Much of my recent spring break trip to San Diego was kid-focused. Sea World, the zoo, Legoland, etc. But each of the parents got one day off. In the course of skipping Disneyland, I went for a long run along the Pacific Ocean.
For a runner, this was about as far from the treadmill as one can go. The waves crashed against the cliffs. The sun glinted off the water like the sea had been sprinkled with diamonds. While the sky was a cloudless blue, the temperatures were just in the lower 60s. Perfect, in other words, for running. Especially for a runner who had no time constraints. I had already spent two hours that morning after my family left wresting control of my inbox. It had been tamed. My family would not be home until evening. I could stop and enjoy the view.
And I did. Yet, in the midst of my thoughts of “gorgeous, gorgeous, gorgeous,” I occasionally had other thoughts, like “Why is this trail not marked better?” or “this is annoying to go on and off the road here where no one repaired the sidewalk” and so forth. Or even “my shirt is kind of rubbing against my stomach.”
Even in the midst of something wonderful, it is hard to experience complete bliss. Such is the nature of having physical bodies and wandering minds (some might say such is the nature of a fallen world). But over time, I have come to realize that simply knowing that complete happiness is impossible is, in itself, liberating. It makes many situations more tenable.
For instance, I know the kids were very excited about all the parks we were going to see in the San Diego area. Within each individual day, however, there was inevitably complaining, and meltdowns and the like. With four children, someone was going to be hot, or someone cold. Someone was going to be hungry, or thirsty. Somebody was going to like one exhibit while someone else wanted to go on a different ride. On some level, this was frustrating. You spend all this money to do something for the kids and they seem ungrateful. At one point I told one of the complaining children that “next time we are going to Paris and you can look at museums all day. If you are going to complain no matter what, we may as well do what I want to do.” Perhaps there is some merit to this (Paris here we come??). However, if I accepted that it was impossible for everyone to be completely happy, I could recognize that generally the kids were getting enough good and fun stuff that they will remember this trip fondly.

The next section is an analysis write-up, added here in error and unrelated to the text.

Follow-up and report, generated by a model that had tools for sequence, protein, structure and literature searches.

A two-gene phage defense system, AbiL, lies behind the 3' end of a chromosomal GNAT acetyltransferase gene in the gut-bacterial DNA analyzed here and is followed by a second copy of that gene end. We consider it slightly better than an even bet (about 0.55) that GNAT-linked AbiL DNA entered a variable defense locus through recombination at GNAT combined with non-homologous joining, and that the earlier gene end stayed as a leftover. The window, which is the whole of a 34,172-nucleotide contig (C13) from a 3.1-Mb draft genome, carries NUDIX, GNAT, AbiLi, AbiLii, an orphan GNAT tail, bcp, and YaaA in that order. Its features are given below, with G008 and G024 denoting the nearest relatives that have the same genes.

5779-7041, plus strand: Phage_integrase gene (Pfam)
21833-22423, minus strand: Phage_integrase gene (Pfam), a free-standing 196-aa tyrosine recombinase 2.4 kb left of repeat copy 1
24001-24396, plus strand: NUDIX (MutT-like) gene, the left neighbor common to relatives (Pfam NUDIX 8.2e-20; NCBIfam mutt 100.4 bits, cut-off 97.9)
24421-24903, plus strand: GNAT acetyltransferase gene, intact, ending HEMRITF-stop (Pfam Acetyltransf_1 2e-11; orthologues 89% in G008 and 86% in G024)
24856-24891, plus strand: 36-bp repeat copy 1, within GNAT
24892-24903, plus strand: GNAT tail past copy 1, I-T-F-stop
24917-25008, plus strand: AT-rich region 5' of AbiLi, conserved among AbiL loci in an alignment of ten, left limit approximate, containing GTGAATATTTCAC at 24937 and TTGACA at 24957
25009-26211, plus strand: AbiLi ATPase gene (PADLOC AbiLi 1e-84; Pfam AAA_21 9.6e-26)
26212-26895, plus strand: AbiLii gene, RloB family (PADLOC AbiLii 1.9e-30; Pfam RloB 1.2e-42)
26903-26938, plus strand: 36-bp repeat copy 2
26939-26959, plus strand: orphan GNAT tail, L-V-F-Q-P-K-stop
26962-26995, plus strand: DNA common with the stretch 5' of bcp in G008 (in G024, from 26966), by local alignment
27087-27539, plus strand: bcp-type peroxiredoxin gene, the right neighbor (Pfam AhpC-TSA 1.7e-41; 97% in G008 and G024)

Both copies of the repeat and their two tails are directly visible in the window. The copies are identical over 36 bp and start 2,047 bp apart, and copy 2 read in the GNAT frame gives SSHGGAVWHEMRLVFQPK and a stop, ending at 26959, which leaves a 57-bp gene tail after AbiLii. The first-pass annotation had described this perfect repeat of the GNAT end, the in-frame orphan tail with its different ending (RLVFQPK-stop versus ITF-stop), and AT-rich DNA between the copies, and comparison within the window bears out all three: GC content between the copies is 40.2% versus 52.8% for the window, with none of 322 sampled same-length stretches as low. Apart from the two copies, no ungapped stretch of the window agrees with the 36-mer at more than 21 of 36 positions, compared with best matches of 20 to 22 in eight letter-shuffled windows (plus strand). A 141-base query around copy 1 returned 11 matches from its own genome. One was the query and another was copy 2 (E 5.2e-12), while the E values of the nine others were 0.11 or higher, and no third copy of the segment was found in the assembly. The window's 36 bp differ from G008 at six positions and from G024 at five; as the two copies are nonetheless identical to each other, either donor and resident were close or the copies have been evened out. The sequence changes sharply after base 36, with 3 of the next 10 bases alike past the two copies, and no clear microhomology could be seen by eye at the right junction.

And, of course, I took my day off. I ate fish tacos and drank craft beer at lunch. That helped with overall happiness too.
A version of this post originally appeared on Laura Vanderkam’s website